New Jersey will—for the second time since the onset of the coronavirus pandemic—lift a graduation assessment test requirement for all high school seniors this Spring. Gov. Phil Murphy said the state would expand how long some substitute teachers can work in a district and eliminate the use of student growth objectives when evaluating teacher performance. All three changes, he said, are driven by “the unique challenges our students and educators are facing” as schools near the one-year mark of operating either partially, or entirely, remotely.

Montclair elementary school teachers boycotted in-person training designed to prepare them for their students’ return to school on Jan. 25. The teachers expressed concerns about the readiness of the buildings amid rising numbers of COVID cases after the school district had released details of the district’s plan to ease into an in-person hybrid model with students in pre-K to grade 5. The Record

The Port Authority of New York and New Jersey will build a new bus terminal atop the existing structure in Midtown Manhattan and incorporate on-site bus parking and infrastructure for electric buses, according state Senate Majority Leader Loretta Weinberg. The build-in-place approach, one of three main options the bi-state agency had considered in planning to replace the terminal, will allow buses to continue servicing the existing terminal during construction. The Port Authority will eventually be able to sell the air rights to generate revenue to cover the cost of the replacement. PoliticoNJ

Tax collections through the first six months of the fiscal year in New Jersey totaled $14.67 billion, up $783 million compared to the first six months in the prior year, according to the state’s Department of Treasury figures released Jan. 20. Treasury collected nearly $1 billion in December 2020 under the state’s newly instituted Business Alternative Income Tax, the new tax category established under a policy change lawmakers enacted in response to the federal limit on state and local tax deductions implemented by former President Donald Trump in late 2017. NJ Spotlight News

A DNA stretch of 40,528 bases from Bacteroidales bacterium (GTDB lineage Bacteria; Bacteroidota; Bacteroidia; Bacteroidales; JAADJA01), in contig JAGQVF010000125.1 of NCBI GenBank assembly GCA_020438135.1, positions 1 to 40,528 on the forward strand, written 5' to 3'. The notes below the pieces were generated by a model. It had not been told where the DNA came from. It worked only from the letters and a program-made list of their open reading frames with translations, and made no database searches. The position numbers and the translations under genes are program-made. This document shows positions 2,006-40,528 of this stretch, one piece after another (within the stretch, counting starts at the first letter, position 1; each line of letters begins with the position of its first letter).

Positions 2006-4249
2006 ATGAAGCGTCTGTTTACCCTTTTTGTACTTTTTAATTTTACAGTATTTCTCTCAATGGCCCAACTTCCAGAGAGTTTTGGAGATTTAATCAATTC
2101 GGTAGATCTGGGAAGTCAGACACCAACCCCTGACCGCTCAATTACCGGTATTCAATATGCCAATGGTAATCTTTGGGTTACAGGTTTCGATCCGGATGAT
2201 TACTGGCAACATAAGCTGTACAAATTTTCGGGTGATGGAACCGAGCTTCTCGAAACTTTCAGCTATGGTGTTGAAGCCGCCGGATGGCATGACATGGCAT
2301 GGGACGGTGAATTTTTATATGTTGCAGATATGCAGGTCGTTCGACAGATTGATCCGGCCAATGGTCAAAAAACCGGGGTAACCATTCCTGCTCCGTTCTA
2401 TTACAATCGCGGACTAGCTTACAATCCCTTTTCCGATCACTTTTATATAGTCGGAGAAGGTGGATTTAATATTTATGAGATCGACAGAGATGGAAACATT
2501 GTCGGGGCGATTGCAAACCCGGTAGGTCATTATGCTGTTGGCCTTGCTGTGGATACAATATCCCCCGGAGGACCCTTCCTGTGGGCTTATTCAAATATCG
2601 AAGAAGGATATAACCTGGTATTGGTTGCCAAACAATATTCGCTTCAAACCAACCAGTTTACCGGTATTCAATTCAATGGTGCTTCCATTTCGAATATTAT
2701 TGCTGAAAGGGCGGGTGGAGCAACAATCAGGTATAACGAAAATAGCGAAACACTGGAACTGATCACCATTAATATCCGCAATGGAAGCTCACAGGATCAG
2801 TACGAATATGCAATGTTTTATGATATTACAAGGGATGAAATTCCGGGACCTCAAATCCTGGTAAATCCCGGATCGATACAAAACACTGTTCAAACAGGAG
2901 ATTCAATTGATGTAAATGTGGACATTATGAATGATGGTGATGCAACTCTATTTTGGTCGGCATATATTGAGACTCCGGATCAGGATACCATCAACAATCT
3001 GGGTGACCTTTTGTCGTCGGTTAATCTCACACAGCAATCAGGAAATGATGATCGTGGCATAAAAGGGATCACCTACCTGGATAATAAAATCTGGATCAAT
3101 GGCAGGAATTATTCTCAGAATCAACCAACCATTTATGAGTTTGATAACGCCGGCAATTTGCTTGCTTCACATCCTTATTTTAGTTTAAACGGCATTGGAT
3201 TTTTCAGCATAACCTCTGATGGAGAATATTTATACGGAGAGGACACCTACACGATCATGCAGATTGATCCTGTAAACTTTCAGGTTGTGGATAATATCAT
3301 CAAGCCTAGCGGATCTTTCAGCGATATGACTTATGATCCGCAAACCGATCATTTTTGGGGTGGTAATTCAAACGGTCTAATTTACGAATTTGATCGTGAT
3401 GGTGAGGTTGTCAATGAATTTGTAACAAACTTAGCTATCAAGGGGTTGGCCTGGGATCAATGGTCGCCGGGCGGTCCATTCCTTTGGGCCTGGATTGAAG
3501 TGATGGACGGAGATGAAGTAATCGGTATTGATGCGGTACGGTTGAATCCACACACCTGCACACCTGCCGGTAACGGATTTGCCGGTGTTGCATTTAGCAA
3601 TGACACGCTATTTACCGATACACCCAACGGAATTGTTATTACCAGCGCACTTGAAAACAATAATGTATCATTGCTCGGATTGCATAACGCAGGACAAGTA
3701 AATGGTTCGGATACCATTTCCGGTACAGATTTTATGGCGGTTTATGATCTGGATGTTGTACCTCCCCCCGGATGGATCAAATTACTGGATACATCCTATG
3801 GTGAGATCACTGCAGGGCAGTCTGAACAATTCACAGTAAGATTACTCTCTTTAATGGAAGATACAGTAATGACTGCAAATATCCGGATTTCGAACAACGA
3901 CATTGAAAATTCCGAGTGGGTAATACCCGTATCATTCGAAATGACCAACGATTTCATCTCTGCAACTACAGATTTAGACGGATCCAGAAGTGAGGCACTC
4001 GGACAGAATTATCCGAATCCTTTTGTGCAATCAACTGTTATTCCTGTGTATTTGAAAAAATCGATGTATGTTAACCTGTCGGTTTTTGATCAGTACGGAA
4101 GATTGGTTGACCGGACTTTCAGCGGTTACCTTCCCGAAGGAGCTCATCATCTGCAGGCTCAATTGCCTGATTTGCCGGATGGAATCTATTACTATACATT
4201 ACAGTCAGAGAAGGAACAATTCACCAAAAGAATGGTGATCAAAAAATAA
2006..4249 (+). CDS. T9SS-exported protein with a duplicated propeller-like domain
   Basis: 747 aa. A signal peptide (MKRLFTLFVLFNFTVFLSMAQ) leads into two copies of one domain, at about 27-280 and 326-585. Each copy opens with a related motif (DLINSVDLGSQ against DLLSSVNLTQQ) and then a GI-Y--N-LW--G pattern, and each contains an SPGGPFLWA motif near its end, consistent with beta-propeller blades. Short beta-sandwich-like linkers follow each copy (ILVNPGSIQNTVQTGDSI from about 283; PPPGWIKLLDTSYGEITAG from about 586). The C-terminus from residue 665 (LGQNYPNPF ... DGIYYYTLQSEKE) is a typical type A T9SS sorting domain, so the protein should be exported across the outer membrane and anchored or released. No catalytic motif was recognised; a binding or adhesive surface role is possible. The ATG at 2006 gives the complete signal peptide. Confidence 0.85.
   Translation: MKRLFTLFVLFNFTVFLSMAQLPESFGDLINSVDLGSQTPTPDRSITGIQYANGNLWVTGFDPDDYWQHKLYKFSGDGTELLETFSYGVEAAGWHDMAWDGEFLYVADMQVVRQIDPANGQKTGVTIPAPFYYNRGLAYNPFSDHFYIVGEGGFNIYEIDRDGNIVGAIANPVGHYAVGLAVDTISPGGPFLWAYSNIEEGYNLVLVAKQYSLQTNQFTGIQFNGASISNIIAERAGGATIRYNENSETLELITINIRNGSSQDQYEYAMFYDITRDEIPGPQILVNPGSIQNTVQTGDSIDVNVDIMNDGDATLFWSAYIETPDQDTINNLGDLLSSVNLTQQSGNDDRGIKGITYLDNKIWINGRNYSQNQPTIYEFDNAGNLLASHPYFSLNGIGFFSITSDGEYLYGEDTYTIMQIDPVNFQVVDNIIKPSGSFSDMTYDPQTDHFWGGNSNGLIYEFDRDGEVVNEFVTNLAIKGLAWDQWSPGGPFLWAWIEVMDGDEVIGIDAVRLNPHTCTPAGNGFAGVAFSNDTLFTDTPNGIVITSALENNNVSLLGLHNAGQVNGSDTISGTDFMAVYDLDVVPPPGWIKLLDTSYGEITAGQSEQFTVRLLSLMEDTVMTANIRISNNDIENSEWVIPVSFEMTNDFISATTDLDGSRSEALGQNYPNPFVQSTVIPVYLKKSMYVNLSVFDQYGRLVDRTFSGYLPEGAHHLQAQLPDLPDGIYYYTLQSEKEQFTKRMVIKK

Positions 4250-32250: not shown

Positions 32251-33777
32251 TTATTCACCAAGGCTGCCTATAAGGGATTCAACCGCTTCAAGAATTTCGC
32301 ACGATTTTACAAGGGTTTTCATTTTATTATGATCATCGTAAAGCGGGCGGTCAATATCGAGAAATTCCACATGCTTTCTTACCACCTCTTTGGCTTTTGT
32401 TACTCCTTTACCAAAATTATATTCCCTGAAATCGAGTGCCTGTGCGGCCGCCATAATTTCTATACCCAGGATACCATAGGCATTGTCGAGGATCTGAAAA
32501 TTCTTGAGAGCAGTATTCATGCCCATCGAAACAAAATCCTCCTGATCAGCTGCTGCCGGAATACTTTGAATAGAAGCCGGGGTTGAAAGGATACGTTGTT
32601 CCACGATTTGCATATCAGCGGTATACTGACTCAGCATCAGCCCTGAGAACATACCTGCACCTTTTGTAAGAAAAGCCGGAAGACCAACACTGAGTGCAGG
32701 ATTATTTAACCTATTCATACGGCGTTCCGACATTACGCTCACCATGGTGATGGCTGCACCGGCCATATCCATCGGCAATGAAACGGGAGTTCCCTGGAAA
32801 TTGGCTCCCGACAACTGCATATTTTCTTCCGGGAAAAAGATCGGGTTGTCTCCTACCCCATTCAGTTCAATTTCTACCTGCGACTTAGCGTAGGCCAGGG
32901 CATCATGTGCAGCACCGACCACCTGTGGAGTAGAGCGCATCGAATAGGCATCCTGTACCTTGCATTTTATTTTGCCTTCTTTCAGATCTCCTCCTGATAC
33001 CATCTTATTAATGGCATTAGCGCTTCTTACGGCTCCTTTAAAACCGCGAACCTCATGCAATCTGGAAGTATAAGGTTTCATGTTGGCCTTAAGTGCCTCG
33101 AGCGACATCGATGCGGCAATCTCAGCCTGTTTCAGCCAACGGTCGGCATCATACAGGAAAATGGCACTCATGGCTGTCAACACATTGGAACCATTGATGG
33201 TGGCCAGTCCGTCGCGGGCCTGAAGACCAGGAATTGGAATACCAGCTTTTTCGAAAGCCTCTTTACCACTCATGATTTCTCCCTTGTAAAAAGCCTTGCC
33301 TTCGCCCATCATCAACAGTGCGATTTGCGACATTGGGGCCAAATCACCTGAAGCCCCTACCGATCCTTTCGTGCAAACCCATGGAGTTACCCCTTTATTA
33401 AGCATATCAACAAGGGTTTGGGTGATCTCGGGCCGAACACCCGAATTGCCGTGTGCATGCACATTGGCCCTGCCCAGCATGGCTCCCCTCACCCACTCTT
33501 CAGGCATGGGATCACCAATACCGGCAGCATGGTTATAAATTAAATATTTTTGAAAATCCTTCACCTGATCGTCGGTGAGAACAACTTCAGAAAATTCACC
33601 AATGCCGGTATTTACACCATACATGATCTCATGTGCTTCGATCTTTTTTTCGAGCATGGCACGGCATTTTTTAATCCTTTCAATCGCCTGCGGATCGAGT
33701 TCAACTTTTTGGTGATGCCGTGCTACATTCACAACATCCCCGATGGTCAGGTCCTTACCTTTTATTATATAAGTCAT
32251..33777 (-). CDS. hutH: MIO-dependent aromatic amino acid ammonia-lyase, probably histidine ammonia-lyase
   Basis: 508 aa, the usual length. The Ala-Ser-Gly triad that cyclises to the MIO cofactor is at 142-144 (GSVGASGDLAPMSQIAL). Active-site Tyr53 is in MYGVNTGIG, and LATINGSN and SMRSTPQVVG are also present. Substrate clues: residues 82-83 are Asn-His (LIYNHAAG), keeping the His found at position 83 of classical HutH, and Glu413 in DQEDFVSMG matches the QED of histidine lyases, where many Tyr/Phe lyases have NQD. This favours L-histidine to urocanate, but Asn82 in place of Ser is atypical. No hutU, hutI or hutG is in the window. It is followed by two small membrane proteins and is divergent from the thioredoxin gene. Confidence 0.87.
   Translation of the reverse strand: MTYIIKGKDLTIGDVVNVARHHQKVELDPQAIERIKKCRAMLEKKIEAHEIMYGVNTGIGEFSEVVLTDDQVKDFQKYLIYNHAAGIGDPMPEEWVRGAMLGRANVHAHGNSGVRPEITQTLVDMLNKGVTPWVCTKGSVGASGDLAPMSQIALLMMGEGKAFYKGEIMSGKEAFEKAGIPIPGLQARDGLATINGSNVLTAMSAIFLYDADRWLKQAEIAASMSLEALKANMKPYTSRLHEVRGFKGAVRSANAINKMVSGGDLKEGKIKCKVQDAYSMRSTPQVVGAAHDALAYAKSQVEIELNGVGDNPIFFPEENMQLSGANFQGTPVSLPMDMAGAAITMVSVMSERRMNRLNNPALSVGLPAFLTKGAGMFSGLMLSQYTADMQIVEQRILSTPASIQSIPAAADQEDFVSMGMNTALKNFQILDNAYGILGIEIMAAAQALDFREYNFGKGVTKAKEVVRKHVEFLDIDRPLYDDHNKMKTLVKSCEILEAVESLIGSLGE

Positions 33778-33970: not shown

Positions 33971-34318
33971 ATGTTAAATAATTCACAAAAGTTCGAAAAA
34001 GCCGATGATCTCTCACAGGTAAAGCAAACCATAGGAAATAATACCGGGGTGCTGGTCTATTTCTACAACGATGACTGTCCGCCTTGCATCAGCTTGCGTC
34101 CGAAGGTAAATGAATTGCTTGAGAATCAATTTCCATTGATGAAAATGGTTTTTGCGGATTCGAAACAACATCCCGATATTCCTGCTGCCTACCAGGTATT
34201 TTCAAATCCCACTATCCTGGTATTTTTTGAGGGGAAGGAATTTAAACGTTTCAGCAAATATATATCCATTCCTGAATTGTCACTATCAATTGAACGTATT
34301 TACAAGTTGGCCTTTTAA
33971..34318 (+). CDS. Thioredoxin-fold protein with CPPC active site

A pair of bills that would protect the rights and health of Garden State seniors were advanced by legislative panels. A bill requiring the continuous publishing of data concerning COVID-19-related deaths and cases at long-term care (LTC) facilities was approved by the Assembly Aging and Senior Services Committee, sponsored by Assemblywoman Valerie Vainieri Huttle (D-37). Meanwhile, a bill from the same Assembly committee sponsored by Assemblywoman BettyLou DeCroce (R-26) would expand age discrimination protections for New Jersey’s senior workforce.

Fundraising by New Jersey’s six statewide political parties and legislative leadership committees reached a new low in 2020, according to the Election Law Enforcement Commission. The six political committees raised less than $4.3 million last year, a fraction of their pull in decades past. Long-term trends and the pandemic slowed fundraising, which is typically lower in federal election years when there are no gubernatorial or legislative races. Their cash on hand, fundraising and spending all dropped from 2016.

Several Jersey City Democratic Committee members are calling for party leadership to condemn and cut financial support to Ward C Councilman Richard Boggiano over his refusal to vote on a resolution calling for President Donald Trump’s impeachment. On the night of the vote, Boggiano told his colleagues that while he is against what happened at the Capitol, he abstained from the vote because he doesn’t “think we have the right to criticize any president no matter who it is.” The Jersey Journal

And finally…Bruce Springsteen’s performance of Land of Hope and Dreams in front of the Lincoln Memorial on Inauguration Night. YouTube